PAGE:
The Best Camera is the One You Have
“A writer who waits for ideal conditions under which to work will die without putting a word on paper.” – E. B. White
This E. B. White quote is easily applied to anything you want to accomplish. Photography for instance. A photographer who waits for ideal conditions under which to work will die without making a single image.
Does anyone even know what the right conditions are anyway?
The best camera
Occasionally I’m asked what is the best camera for a beginning photographer. This is usually right after someone says, “Nice camera. I bet it takes great pictures.” The response I would like to give is, “This camera doesn’t MAKE any pictures. I do.” My actual answer is something along the lines of, “Yes, it is a great tool, and I am very happy with the images I make with it.” The best camera for anyone, I tell them, is the one you have. Ansel Adams probably said it best, “The single most important component of a camera is the twelve inches behind it.”
Waiting for the perfect conditions, the perfect camera, lens, gadget, or program, won’t make anyone better. Waiting for the perfect weather, light, or other conditions won’t mean better images. Great photographers don’t depend on equipment or conditions. Great photographers use what they have available and make beautiful art. There’s nothing wrong with seeking and having the best equipment and conditions, but it is the twelve inches behind the camera that matter most.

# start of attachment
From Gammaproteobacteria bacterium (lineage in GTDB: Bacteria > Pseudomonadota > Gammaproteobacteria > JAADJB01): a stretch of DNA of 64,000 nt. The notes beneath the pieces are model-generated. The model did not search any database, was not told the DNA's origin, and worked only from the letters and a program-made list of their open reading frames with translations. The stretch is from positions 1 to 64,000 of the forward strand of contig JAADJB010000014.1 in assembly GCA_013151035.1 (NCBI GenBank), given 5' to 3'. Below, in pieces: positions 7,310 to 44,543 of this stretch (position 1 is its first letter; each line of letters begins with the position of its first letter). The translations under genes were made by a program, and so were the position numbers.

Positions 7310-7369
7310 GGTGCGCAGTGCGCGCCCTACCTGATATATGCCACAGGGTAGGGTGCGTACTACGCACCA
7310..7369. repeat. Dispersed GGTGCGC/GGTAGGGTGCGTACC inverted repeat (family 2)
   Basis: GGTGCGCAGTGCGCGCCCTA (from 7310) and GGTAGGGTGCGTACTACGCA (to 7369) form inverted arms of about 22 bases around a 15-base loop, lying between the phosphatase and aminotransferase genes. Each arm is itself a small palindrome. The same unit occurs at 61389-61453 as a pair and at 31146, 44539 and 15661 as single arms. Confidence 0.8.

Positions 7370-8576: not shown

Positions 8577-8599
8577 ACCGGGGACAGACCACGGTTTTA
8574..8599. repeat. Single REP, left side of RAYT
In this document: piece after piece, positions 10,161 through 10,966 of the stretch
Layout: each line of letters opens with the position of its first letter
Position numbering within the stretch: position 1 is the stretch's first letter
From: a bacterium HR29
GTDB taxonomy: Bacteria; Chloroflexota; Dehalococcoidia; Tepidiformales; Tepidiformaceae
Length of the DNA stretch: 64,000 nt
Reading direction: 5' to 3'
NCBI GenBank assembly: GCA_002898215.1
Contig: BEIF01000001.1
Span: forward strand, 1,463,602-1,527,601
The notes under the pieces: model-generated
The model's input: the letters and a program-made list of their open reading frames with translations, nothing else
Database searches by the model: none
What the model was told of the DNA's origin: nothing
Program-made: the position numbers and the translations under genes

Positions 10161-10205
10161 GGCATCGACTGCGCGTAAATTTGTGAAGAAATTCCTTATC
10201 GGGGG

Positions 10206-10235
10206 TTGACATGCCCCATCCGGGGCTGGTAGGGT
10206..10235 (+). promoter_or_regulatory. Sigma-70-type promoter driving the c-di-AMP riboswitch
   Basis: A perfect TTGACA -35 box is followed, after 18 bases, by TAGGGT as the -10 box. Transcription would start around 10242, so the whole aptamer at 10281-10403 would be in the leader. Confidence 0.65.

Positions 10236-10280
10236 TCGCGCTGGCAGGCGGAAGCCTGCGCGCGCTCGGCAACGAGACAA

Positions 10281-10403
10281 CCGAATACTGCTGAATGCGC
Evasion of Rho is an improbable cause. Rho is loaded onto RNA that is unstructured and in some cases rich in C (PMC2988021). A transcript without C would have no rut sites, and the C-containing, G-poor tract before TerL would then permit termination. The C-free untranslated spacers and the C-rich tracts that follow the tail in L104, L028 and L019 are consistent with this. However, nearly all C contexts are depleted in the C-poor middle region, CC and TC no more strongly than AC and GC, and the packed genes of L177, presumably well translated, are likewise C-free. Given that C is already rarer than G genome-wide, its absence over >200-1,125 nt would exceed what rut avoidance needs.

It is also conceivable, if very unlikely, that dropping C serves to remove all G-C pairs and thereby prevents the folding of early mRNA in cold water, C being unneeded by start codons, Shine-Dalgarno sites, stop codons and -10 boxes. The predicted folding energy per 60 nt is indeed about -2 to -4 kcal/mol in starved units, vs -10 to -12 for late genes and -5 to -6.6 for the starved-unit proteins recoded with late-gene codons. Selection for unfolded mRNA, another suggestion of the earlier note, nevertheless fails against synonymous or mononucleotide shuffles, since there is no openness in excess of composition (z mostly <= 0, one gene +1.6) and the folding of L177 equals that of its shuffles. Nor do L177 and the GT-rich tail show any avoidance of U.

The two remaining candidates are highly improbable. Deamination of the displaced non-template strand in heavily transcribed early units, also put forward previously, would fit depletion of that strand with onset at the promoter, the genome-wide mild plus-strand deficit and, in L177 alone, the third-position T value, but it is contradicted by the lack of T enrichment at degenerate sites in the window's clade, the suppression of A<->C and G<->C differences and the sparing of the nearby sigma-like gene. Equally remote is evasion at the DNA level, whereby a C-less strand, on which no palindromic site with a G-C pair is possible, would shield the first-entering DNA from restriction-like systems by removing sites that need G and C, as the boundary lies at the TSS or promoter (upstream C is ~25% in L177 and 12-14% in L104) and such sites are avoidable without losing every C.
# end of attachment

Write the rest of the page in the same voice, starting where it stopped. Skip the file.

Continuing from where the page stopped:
The best camera is the one you have.
A great writer doesn’t become great by having the best pen and ink, typewriter, or computer. A great writer becomes great by writing. A great musician isn’t great because of great instruments. A great musician becomes great by playing. Great artists are great because they put in the time to practice their art and become great artists. It is all about the doing.
Step one: Do it.
Step two: Do it again.
Step three: Keep doing it.
Again and again and again.
That’s my 3-step formula. This is where you begin. There is more to it, but you won’t get better until you begin. Then, as you get better you can, and perhaps should, think about new and better tools; not so you get even better, but rather so you don’t limit yourself. Grow into your new and better tools.
Now it’s your turn. What thoughts do you have? This post certainly doesn’t say everything. Do you agree? Is the best camera the one you have?